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Authors' response
  1. Kenneth R Chapman1,
  2. Neil C Barnes2,
  3. Andrew P Greening3,
  4. Paul W Jones4,
  5. Soren Pedersen5
  1. 1Asthma and Airway Centre, University Health Network, University of Toronto, Toronto, Canada
  2. 2Department of Respiratory Medicine, London Chest Hospital, London, UK
  3. 3Department of Pulmonary Disease, Respiratory Unit, Western General Hospital, Edinburgh, UK
  4. 4Division of Clinical Science, St George's, University of London, London, UK
  5. 5Pediatric Research Unit, Kolding Hospital, Kolding, Denmark

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We thank our colleagues who have forwarded questions and comments to the editors of Thorax, thereby engaging in a discussion of asthma strategy we believe to be long overdue. We must leave the editors of Thorax to respond to comments directed to their principles and policies, but suspect that our review was regarded by the editors and reviewers as a summary of single maintenance and reliever therapy (SMART) outcomes from a traditional yet unexplored perspective that might spark discussion in an important area. In doing so, we believe that the journal has behaved responsibly by encouraging scientific debate. The tenets of single maintenance and reliever therapy of asthma have represented a marked departure from contemporary asthma management perspectives. These include the following: (1) that a reactive and bronchodilator-driven strategy of asthma care is superior to the prevention of asthma symptoms and disability as long as a small aliquot of inhaled corticosteroid is inhaled at times of acute wheezing and breathlessness; (2) that comprehensive asthma control is no longer needed to evaluate asthma treatment and it is sufficient to measure the time between severe exacerbations; and (3) that rising sputum and biopsy markers of inflammation are of no concern in the choice of maintenance strategies. Until the present correspondence, the absence of discussion and debate concerning these proposals has puzzled us.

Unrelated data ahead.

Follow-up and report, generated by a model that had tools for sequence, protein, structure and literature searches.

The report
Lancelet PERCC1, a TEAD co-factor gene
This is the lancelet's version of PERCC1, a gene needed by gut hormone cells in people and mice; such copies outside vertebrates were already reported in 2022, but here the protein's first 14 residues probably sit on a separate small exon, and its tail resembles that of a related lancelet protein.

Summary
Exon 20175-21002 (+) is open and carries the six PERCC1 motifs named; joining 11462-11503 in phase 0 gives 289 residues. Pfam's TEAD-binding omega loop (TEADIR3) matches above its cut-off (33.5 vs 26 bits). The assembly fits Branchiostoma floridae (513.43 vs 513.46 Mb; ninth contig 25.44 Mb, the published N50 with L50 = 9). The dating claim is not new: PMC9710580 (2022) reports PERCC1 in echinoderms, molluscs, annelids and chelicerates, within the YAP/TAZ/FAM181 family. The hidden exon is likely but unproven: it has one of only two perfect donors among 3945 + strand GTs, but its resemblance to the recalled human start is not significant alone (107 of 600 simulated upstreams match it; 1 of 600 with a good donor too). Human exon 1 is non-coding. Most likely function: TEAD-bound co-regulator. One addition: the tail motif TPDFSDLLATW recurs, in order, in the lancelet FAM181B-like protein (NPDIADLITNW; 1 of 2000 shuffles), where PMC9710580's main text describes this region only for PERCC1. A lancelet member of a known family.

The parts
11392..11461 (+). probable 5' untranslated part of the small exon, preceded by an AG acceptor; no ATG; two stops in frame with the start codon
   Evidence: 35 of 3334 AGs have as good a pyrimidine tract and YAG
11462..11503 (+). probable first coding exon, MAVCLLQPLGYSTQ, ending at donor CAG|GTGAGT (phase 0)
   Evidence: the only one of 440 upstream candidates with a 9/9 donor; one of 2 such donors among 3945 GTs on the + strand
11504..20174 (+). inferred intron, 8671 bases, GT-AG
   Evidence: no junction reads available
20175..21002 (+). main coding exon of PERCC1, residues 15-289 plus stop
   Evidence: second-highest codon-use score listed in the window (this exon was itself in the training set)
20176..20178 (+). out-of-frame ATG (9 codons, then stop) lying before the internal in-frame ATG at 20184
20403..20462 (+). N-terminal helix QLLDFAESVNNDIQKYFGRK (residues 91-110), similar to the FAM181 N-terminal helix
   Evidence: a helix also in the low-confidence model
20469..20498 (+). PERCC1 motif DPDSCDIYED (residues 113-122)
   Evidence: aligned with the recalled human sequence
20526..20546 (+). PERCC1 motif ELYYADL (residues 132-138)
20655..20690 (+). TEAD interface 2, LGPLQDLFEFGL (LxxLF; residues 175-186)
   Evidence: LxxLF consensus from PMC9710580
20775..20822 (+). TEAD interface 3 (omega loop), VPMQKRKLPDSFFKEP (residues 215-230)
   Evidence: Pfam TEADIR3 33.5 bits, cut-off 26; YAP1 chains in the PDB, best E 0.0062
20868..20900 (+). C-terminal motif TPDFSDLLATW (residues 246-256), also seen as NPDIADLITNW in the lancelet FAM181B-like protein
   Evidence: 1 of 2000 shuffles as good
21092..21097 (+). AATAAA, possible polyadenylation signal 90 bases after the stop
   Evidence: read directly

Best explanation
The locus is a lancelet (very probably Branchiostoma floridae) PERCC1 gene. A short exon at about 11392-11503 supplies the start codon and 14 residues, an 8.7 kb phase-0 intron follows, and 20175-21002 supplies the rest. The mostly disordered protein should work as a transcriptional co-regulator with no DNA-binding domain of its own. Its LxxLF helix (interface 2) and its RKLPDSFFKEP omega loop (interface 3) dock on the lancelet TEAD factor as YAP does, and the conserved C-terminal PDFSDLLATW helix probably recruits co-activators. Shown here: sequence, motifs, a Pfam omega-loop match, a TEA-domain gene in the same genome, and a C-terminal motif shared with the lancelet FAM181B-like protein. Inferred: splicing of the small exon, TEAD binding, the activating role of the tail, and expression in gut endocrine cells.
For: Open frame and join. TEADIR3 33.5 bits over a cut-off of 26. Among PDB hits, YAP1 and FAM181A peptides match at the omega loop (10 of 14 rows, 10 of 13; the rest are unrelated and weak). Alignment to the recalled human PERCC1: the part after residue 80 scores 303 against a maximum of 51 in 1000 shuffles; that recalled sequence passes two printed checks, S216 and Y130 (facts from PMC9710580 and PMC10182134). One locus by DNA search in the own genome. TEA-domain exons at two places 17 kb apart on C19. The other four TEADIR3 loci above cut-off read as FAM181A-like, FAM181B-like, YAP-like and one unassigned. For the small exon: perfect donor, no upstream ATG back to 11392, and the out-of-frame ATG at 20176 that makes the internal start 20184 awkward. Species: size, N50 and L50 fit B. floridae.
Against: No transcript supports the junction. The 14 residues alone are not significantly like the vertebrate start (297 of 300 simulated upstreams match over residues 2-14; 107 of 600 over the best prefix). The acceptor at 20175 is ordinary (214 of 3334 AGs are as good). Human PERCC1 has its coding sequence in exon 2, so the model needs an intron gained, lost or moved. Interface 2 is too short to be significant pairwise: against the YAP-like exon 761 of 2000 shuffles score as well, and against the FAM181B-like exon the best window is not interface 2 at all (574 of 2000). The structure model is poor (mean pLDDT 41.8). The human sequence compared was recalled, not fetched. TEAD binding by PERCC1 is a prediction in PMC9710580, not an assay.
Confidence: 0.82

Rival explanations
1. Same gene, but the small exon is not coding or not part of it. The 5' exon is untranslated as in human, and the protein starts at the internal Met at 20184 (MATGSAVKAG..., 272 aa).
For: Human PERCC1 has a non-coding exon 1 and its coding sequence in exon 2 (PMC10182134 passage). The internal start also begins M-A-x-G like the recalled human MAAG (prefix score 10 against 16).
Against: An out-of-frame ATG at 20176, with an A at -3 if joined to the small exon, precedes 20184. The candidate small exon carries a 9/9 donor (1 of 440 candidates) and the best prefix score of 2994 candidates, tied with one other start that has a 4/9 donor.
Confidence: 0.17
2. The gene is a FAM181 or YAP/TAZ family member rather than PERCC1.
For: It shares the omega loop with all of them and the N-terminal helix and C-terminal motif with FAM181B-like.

Dr Peters and Professor Jenkins have entitled their letter ‘Critical appraisal of Symbicort maintenance and reliever treatment misrepresents clinical evidence’.1 We had used the acronym SMART to represent ‘single maintenance and reliever therapy’ to engage in a broad discussion of asthma management principles and not a review of a specific pharmacotherapy; that will be the intended meaning …

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  • Competing interests In the past 3 years KRC has received compensation for consulting with Astra Zeneca, Boehringer-Ingelheim, CSL Behring, GlaxoSmithKline, Merck Frosst, Novartis, Nycomed, Pfizer, Roche, Schering Plough and Telacris; has undertaken research funded by AstraZeneca, Boehringer-Ingelheim, CSL Behring, Forest Labs, GlaxoSmithKline, Novartis, Parangenix, Roche and Talecris; and has participated in continuing medical education activities sponsored in whole or in part by AstraZeneca, Boehringer-Ingelheim, GlaxoSmithKline, MerckFrosst, Novartis, Nycomed, Pfizer and Talecris. NCB has lectured for or received consulting fees from GlaxoSmithKline, AstraZeneca, Altana, Merck Generics, Chiesi and TEVA and has received grant support from GlaxoSmithKline and AstraZeneca. APG has received lecture fees from AstraZeneca and GlaxoSmithKline in the past year. PWJ has received consultancy fees from GlaxoSmithKline, AstraZeneca, Almirall, Boehringer Ingelheim and Spiration; has received lecture fees from GlaxoSmithKline; and his institution will from his time as a consultant to Novartis. Within the past 3 years, SP has received compensation for consulting with Nycomed, GlaxoSmithKline, Neolab and AstraZeneca and has given lectures sponsored by Nycomed and GlaxoSmithKline. This manuscript was conceived, researched and written by the authors without assistance from employees of the pharmaceutical industry or their agents. No professional writers participated in the preparation of the manuscript.

  • Provenance and peer review Not commissioned; not externally peer reviewed.

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